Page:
Besides spreading awareness about organ donation and chronic illness, Jarrius has picked up several famous friends, including Saints quarterback Drew Brees, running back Mark Ingram and defensive end Cameron Jordan, all of whom have been on the receiving end of Jarrius’ tough love and advice to better themselves as football players.

“They don’t challenge me because they know around there, I’m the boss,” Jarrius said.

Saints have a message for Jarrius for receiving the Jimmy V Award:

Jarrius met Saints players for the first time in December 2015 during their annual visit to Ochsner Hospital for Children in New Orleans, where he was being treated for gastrointestinal bleeding. Right before Jarrius was set to be discharged, players walked the halls in their plush red and white Santa hats, giving gifts, taking pictures and chatting with the kids.

“I was happy and excited since I’d never met them before,” Jarrius said. “[Saints punter] Thomas Morstead changed our lives,” Jordy Robertson added. “The hospital partners with his foundation, What You Give Will Grow, and this is how we met them. He was the one who offered us tickets to the game where we could be on the sidelines.”

Although Jarrius sometimes faces complications that cause minor setbacks, they aren’t enough to keep him down for long. Most days, just as any other teenage boy, Jarrius prioritizes video games and family fun over rest. Jordy Robertson laughed while partially placing blame on ESPN analyst Randy Moss for Jarrius’ intermittent sleep patterns.

“That kid stays up all night playing [NBA 2K],” Jordy Robertson said. “If we aren’t doing anything and there’s no hospital visits, he’s not getting up until about 3 p.m. … Randy Moss has him like that. Randy will call me at like 11 or 12 o’clock at night and say, ‘Hey, what are the boys doing?’ I’ll go to their room and check, and Randy will say, ‘Tell ’em I’m ready. Tell ’em it’s time to get it on,’ and they’ll play until 5 or 6 o’clock in the morning.”

Moss learned of Jarrius through Annie Apple’s profile of the teen on Sunday NFL Countdown earlier in the season and immediately took a liking to Jarrius’ sprightly personality. The pair finally met in February on the ESPN set at Super Bowl LI in Houston.

“Jarrius was so full of energy. That hit me instantly,” Moss wrote via email. “When I met him, his excitement lit up our stage. I learned more about his condition and it hit close to home, understanding that I’ve got children of my own that could easily be in the same position. I was battling some things personally, but not like Jarrius. He showed me with his energy, laughter and determination to keep fighting no matter what. God answered both our prayers and for that, I love this kid.”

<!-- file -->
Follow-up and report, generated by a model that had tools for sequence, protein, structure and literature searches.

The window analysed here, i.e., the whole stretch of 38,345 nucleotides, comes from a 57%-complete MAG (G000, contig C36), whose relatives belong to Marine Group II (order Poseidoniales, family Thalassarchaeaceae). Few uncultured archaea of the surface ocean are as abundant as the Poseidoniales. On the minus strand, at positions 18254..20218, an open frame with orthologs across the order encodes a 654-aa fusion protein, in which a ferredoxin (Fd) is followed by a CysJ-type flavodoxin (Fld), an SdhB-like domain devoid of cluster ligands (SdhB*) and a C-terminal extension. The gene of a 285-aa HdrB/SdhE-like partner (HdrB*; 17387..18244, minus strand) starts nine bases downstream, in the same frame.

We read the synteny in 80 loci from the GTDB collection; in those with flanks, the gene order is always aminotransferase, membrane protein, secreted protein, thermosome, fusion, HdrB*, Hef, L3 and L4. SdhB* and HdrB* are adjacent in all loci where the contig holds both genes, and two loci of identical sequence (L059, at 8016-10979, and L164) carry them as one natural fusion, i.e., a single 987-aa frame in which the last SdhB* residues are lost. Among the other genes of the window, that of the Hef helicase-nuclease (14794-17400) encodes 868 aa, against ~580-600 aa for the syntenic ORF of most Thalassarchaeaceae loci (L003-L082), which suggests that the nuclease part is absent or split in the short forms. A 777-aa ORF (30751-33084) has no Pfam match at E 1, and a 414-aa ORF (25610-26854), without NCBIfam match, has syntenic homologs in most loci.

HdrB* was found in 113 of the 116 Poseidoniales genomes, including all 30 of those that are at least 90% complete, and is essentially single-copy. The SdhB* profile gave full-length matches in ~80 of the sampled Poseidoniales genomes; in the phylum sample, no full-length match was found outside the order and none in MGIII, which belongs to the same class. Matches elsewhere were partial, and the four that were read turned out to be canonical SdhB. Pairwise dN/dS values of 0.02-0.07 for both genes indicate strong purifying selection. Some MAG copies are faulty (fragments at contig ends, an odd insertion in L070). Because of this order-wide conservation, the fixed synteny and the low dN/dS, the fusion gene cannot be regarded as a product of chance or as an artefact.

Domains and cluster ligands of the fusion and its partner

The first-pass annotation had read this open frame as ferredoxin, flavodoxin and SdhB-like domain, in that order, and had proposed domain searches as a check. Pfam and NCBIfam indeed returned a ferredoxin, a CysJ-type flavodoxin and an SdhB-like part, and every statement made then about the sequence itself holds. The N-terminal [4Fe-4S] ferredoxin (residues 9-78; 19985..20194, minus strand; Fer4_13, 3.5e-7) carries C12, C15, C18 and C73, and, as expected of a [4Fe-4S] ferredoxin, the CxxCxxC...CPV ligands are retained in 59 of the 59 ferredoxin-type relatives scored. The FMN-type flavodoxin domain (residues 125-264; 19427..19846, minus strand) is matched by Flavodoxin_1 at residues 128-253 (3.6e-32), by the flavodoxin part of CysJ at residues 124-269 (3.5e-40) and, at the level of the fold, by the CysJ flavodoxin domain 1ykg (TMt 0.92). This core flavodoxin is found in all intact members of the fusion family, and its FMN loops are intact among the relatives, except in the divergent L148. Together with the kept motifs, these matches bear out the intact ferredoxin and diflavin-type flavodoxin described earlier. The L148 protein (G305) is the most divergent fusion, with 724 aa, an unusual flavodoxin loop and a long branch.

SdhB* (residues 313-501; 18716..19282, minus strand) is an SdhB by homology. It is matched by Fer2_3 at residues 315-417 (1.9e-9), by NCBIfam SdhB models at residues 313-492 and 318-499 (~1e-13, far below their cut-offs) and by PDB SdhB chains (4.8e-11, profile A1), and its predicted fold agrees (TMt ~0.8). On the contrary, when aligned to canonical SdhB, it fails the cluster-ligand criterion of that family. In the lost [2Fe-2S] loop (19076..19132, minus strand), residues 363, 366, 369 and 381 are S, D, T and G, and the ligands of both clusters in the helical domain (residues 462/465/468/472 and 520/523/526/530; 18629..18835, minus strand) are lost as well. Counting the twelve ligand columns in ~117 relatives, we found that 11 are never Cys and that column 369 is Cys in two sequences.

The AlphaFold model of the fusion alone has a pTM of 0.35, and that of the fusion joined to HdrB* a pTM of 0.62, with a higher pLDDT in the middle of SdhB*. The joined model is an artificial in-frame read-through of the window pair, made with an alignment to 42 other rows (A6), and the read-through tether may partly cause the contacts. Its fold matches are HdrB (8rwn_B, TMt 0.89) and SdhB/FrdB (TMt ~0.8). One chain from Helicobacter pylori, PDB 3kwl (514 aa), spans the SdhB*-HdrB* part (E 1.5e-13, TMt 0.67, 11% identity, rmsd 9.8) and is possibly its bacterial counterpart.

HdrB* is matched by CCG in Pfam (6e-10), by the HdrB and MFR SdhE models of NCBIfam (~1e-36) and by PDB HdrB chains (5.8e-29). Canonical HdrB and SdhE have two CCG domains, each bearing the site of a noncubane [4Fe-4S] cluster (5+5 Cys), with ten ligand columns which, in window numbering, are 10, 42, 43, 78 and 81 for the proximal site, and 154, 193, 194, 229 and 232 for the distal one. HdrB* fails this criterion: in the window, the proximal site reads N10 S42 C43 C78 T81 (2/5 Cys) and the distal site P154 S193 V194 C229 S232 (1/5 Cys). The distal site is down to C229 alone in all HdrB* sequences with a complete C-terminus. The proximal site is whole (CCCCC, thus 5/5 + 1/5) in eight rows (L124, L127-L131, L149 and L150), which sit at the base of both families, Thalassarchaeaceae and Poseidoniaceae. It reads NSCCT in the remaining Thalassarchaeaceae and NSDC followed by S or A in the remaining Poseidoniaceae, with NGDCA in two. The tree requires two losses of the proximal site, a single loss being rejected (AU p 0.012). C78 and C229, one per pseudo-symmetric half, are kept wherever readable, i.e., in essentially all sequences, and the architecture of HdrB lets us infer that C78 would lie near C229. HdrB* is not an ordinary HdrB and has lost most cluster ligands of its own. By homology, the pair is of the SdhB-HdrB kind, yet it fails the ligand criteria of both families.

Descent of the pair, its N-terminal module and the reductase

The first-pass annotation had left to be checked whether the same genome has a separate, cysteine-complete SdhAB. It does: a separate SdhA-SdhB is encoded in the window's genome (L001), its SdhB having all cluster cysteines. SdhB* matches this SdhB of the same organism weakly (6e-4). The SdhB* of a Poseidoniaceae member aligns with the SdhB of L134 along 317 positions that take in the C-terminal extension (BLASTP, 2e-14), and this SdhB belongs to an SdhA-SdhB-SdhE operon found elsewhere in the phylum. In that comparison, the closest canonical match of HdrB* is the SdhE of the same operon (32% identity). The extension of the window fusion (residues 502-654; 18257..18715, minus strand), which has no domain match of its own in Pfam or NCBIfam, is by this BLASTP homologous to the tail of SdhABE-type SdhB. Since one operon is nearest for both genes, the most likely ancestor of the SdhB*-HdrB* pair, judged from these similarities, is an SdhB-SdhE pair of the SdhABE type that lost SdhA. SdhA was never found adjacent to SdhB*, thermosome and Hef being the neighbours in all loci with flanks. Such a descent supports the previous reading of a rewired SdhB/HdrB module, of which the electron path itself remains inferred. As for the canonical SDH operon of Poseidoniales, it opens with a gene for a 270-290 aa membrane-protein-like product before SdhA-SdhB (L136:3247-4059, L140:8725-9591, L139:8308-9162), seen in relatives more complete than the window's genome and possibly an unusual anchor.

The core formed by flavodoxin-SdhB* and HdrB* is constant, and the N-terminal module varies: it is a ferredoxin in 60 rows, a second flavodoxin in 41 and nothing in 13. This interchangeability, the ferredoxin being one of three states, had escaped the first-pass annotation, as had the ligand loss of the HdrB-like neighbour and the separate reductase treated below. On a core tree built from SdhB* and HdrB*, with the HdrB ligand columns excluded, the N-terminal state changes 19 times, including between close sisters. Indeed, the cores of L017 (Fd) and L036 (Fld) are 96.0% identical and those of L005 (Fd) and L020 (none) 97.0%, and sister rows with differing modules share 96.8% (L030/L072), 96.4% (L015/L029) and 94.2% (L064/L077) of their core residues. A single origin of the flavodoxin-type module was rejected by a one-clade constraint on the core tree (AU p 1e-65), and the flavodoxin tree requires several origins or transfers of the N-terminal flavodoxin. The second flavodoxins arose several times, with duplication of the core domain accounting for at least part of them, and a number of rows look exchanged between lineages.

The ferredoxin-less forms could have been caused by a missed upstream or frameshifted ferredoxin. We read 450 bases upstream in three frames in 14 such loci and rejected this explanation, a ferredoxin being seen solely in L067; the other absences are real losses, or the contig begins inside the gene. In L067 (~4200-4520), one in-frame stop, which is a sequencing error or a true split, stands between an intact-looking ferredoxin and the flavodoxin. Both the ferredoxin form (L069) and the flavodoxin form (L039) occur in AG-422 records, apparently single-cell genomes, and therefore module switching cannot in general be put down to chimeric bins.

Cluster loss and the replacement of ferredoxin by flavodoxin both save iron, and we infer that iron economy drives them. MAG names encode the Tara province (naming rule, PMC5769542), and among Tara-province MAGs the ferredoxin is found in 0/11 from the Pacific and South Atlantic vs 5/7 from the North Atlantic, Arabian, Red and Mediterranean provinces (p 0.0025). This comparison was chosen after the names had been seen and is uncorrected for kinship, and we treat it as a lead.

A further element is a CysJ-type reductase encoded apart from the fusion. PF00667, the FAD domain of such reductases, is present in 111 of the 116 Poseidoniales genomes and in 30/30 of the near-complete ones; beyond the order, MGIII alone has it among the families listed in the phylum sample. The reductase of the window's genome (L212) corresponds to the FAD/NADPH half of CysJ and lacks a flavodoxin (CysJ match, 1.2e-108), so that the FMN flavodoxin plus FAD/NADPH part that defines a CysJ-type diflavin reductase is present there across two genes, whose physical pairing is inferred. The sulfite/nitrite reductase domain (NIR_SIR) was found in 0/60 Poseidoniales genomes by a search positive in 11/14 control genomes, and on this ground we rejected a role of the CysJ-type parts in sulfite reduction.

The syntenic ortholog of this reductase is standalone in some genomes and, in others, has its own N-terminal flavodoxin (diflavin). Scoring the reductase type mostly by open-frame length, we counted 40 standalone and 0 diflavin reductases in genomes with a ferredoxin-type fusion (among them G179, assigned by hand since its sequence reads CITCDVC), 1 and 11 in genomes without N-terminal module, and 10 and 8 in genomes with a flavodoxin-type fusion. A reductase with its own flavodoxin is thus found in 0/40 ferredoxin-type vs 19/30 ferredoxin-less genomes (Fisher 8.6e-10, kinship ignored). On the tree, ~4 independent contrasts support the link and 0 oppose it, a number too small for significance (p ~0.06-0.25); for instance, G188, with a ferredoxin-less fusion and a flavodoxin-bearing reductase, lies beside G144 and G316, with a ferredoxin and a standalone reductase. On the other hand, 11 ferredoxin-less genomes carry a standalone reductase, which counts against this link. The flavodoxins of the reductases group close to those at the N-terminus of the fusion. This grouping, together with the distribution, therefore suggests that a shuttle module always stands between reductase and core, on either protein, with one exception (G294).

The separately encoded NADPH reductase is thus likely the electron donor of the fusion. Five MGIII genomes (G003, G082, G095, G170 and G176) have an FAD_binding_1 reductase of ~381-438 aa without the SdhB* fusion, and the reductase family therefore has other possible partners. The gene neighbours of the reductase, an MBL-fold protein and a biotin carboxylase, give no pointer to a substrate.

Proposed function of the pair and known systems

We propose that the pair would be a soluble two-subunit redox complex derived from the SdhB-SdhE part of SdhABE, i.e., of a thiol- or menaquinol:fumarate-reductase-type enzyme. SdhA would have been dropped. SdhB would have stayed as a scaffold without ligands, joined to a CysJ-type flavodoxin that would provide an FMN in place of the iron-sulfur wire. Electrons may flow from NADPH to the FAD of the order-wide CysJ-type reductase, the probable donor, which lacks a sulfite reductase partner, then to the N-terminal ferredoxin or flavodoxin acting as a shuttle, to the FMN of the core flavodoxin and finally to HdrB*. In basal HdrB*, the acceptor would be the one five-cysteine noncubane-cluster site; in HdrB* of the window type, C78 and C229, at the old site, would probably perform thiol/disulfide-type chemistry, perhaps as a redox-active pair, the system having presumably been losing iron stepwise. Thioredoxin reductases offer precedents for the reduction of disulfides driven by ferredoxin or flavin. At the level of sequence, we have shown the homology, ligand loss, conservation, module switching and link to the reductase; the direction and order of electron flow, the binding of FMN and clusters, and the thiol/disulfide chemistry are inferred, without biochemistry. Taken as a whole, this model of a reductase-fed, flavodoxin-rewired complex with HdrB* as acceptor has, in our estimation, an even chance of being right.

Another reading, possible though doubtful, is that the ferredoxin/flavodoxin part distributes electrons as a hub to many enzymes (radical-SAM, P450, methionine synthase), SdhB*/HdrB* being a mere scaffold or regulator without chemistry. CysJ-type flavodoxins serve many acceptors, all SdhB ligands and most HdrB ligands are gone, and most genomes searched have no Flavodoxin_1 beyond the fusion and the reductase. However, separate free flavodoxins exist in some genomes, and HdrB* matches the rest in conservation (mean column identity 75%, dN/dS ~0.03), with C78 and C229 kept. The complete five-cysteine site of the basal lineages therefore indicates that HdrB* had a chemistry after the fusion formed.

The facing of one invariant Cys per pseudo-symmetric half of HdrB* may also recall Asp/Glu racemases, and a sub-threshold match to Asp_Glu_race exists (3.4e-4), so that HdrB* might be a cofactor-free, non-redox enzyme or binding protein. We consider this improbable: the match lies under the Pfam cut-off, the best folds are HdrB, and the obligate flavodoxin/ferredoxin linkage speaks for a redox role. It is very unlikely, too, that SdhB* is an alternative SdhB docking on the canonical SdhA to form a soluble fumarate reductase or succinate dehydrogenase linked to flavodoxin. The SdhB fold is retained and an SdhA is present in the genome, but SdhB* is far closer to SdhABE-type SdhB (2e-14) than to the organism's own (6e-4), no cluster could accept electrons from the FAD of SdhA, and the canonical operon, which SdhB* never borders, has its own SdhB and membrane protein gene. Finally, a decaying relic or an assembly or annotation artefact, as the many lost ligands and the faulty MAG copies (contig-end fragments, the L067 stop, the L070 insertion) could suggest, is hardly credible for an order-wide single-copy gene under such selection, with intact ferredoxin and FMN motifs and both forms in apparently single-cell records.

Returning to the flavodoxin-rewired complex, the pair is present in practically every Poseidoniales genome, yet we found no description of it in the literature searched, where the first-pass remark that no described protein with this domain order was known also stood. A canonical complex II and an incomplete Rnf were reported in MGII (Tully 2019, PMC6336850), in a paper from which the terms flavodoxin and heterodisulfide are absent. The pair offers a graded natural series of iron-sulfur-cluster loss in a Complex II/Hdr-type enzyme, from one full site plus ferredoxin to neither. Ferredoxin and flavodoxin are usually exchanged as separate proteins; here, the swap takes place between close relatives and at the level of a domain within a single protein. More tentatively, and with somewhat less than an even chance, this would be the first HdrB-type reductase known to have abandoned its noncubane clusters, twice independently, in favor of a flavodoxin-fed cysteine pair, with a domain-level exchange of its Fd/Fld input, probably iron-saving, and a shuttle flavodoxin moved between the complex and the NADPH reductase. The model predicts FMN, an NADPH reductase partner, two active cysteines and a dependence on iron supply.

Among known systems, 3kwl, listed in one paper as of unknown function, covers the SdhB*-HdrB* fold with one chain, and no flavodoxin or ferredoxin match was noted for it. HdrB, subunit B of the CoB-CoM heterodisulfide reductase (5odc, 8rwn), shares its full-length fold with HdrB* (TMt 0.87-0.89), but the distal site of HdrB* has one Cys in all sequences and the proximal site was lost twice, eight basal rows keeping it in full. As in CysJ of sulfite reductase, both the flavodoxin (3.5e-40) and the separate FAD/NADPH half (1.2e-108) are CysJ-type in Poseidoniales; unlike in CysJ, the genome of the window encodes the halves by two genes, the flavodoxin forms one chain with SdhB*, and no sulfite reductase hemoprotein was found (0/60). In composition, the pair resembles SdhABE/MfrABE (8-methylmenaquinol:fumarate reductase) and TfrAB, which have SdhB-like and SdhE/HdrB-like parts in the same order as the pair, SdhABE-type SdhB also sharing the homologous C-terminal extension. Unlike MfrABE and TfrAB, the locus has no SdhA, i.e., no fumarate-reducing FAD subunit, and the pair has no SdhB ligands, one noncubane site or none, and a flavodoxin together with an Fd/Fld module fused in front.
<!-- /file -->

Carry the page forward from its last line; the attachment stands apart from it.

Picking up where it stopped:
Jordy doesn’t mind the late hours his son keeps, nor the designated parent-turned-publicist position that Jarrius’ overnight fame has made for him. For Jordy Robertson, watching Jarrius have fun and entertain others while spreading awareness will always trump the nights he has spent praying for a miracle for his son, wary of the lurking complications that could strike at any moment.

“I know that my son is like a superhero, he’s saving lives,” Jordy Robertson said. “But I also get to bring to light something I’ve been stressing over, worried about and fighting for 13 years. It’s hard as a father to wake up in the middle of the night to stand over your kid to see if your kid is breathing or even alive. And even crying and praying over your kid in the middle of the night is something that most people in the world may not have to experience. For me, I did it so many nights it became part of me.”

As Jarrius grows and learns to manage his illness, the future remains bright. Besides helping others, Jarrius aspires to become an actor and comedian, and he hopes to meet actor Kevin Hart.

The most important thing Jordy Robertson hopes for his son is that he’ll keep fighting for not only himself but also for other kids who are battling chronic illnesses. He said he’s grateful for those who help Jarrius through donations, and who attend or volunteer for events hosted by Jarrius’ foundation, It Takes Lives to Save Lives.

“As a father, the major accomplishment I want to achieve is to make my son the face of organ donation,” Jordy Robertson said. “The reason I say that is because when you talk about organ donation, you talk about Jarrius Robertson, a kid who has been fighting for 13 years of his life and is finally getting the chance of winning the battle. He’s fighting for a cause that helped save his life that can help save the lives of other kids, too.”

More funding means more research. More research means more lives saved. Join us in our campaign to raise $200 million by 2020 and donate today. You can contribute by visiting this link: www.jimmyv.org/stuartscott.

Maya Jones is an associate editor at The Undefeated. She is a native New Orleanian who enjoys long walks down Frenchmen Street and romantic dates to Saints games.